There are good and bad photographers. There are people who will never get out of auto mode. But there are also people who will nail a shot with razor sharp focus every time, with the key light in the butterfly position and a 5/4 CTO gel (did I tell you I know nothing about light?) yet they will say absolutely NOTHING with their pictures. (Another Harveyism for you: “Yeah, it’s a picture, but it’s not a photograph”)

You can’t think of this class in terms of “technique”. I suspect if that’s the way you approach it, you’ll be sorely disappointed. But if you think you have a story to tell, I think you owe it to yourself to think it through long and hard. It just might be worth it.

Why we need “The Society of Good Stuff” (and Dedpxl)

Zack Arias is a cool dude. He’s a photographer and educator with a great sense of humor and self-deprecation. He’s also one of the first photographers to figure out this “social media” thing.

He’s so good, he can even take time off of the internet for a month every year and not be forgotten!

A few months ago, after running a 1500 question Q&A tumblr [1], Zack announced he was going to create a new site called Dedpxl [2]. And today, it’s finally live.

I haven’t had a chance to look at it in detail, but what I’ve seen has already convinced me that Zack (and his wife Meg) have done a very good job of it.

There is an introductory article to the site, and it’s pure ZA: a trip down memory lane to remind us of why we do this photography thing. If you’ve ever been to one of Zack’s classes, or follow him on ze interwebz, you’ll be right at home: he uses his personal experience to connect to us. And that’s what sets him apart. I’m pretty sure he’d be the first to admit that he doesn’t teach rocket science or mind blowing techniques – what he’s really good at is making it accessible: “if a shmuck like me can do it, so can you.”

The second thing that I’m very happy with is The society of Good Stuff. Actually, I would probably read Dedpxl even if it was just that column. Zack’s enrolled his wife Meg to curate [3] “stuff” that would be of tangential interest to photographers.
It’s fully in keeping with the goal of Dedpxl: make photography fun again, spark those creative juices. And it’s a classic Zack move. He and Meg just figured out something missing in “social media”, and they’re filling the gap with what, in retrospect, is an obvious idea [4].

The web has allowed geek culture to flourish by providing meeting spaces and tools to cater for all sorts of niche / fringe interests. Photography didn’t necessarily need this – it was a rich and varied culture before the web came along. But the web did enable that culture to propagate when the digital revolution started making photographers of all of us [5].
Unfortunately, making so much knowledge available instantly has a killer side-effect: we tend to become single-subject idiot-savants instead of well-rounded individuals. Culture can be defined by wide-ranging interest in many subjects, but I think that’s as much an artefact of technique (manuscripts, then books, then film) than of psychology. In a scarcity-based economy, you can only feed the beast by having interests in many different subjects: the relatively difficult access to new knowledge forced us, as curious individuals, to branch out of our comfort zone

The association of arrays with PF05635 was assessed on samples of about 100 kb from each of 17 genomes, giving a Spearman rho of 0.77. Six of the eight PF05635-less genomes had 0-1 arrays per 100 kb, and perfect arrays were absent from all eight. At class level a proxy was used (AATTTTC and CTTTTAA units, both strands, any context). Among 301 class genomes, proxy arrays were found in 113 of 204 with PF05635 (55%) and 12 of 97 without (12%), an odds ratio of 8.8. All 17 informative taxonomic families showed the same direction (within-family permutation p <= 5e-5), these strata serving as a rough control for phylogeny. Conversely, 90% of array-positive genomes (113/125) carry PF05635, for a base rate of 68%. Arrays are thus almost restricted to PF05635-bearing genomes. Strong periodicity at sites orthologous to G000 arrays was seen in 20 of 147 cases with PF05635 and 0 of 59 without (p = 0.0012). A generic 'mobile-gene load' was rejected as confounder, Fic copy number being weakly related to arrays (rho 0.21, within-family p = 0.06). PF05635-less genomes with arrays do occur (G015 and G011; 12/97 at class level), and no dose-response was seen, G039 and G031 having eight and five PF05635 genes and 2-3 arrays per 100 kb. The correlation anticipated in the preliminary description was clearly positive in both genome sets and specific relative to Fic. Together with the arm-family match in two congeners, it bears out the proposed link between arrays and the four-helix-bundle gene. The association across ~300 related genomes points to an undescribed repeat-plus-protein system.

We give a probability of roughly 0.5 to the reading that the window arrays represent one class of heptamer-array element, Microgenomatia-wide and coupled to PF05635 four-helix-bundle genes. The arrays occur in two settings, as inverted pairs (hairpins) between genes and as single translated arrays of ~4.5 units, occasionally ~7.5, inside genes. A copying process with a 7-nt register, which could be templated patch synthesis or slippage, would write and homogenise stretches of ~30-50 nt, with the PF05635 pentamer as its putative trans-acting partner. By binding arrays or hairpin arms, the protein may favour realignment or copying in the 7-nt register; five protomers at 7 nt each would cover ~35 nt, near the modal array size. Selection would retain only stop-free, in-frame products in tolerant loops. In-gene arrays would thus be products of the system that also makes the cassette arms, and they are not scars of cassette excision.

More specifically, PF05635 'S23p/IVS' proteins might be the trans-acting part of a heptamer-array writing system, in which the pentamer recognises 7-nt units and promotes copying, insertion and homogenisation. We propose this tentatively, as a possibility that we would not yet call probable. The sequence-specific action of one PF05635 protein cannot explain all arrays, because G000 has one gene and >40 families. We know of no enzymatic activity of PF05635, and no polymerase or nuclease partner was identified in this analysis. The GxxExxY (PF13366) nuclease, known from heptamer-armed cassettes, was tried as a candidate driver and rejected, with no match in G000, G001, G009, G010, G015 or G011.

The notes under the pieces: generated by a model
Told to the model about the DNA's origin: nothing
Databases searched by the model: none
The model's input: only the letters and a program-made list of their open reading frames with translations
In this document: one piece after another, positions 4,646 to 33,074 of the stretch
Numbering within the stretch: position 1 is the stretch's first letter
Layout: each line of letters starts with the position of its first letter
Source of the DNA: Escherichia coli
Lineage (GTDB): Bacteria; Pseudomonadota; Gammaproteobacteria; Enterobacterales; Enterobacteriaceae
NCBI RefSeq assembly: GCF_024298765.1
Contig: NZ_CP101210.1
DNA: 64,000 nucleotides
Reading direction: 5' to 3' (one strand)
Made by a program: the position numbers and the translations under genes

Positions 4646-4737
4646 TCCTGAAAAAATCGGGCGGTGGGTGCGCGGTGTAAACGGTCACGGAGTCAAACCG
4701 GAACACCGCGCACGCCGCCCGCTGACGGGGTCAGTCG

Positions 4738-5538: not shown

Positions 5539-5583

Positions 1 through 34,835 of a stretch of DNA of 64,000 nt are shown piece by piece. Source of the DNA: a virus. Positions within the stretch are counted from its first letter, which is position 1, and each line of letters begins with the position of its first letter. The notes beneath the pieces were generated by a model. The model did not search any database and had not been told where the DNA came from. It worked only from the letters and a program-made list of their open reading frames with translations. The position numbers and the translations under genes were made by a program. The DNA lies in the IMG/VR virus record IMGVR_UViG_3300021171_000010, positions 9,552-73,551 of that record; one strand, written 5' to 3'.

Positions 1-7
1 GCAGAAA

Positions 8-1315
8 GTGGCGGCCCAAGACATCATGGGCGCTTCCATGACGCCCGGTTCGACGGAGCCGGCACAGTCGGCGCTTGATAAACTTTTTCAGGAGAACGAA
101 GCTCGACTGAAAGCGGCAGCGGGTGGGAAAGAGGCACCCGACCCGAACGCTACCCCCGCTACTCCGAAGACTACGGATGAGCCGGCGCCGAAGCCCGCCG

With the cornucopia of knowledge available now, the driver is gone. We can geek out on aperture, focal and pixel count all day and still only scratch the surface of the subject, without coming out of our comfort zone. Collectively, this turns us into a series of mono-cultures, very deep yet very narrow. Ultimately, it’s the death of photography as we know it. We loose sight of the reason we make images: create beauty and make sense of the world around us.
“The society of Cool Stuff” can be an antidote to this death: by flexing the “artistic muscles”, as Meg puts it, it can help recapture the simple sense of wonder beyond the technical layer. It’s not new – Meg herself, a musician, is doing for us something she’s done for herself for a long time. But because of where photography is and who photographers are today, it’s necessary that people like her shake us up a little bit and show us where the flowers are. And because she’s in love with a photographer, you can be certain she’ll show us things we’ll want to see.

So long life to Dedpxl and The Society of Cool Stuff, and thanks to Meg and Zack.

  1. which made it into a book  ↩
  2. tagline: more signal, less noise  ↩
  3. yeah, yeah, I know – it’s an overused, pedantic word, but I like it  ↩
  4. all the good ones are  ↩
  5. and we’re all still scratching our heads – which is why it’s a great time to be a photographer  ↩

Another one bites the dust

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It wasn’t as bad as this Rihanna concert, but Muse succumbed to the same syndrome a lot of these A- list players do: “*It’s a captive audience of idiots who live in the desert and have too much money – why would we get out our A game?*”

Well, for starters because we paid a an arm and a leg to come see you, and just because we don’t live in New York doesn’t mean we’re hicks.

And second, because it’s starting to show. Jay-Z is a top notch entertainer. I really can’t stand his music, but he’s an absolute pro at interacting with his public. The result? the largest audience my wife’s ever seen at Du Arena, and she had a blast even though she didn’t know his act. Muse, on the other hand, was the highest exodus of spectators we’ve ever seen at a concert here. despite the -admittedly impressive – pyrotechnics; I could’ve put the radio on a bit loud in my garden, and it would’ve been exactly the same – nice background music to have a chat with friends.

My theory is that, contrary to other venues, Abu Dhabi and Dubai probably offer very attractive packages to artists to perform – as an incentive to come to these untested waters. I’d bet they guarantee revenue even if attendance is low, or something like this. And some performers probably see this as an excuse to give a “relaxing” gig. The Grand Prix probably skews this even more, with the promise of a captive audience.

What I don’t get is how, in an age where album sales are increasingly irrelevant, and notoriety is built on interaction, bands can continue to take this short sighted view of things.

That said, judging from yesterday nights twitter feed, the die hard fans where really happy. But the fact that – arriving late – I managed to walk up with no effort to the middle of the stadium tells a different story: even Abu Dhabi fans are starting to tire of being fooled.

Here’s to hoping tonight’s Dépêche Mode concert is better.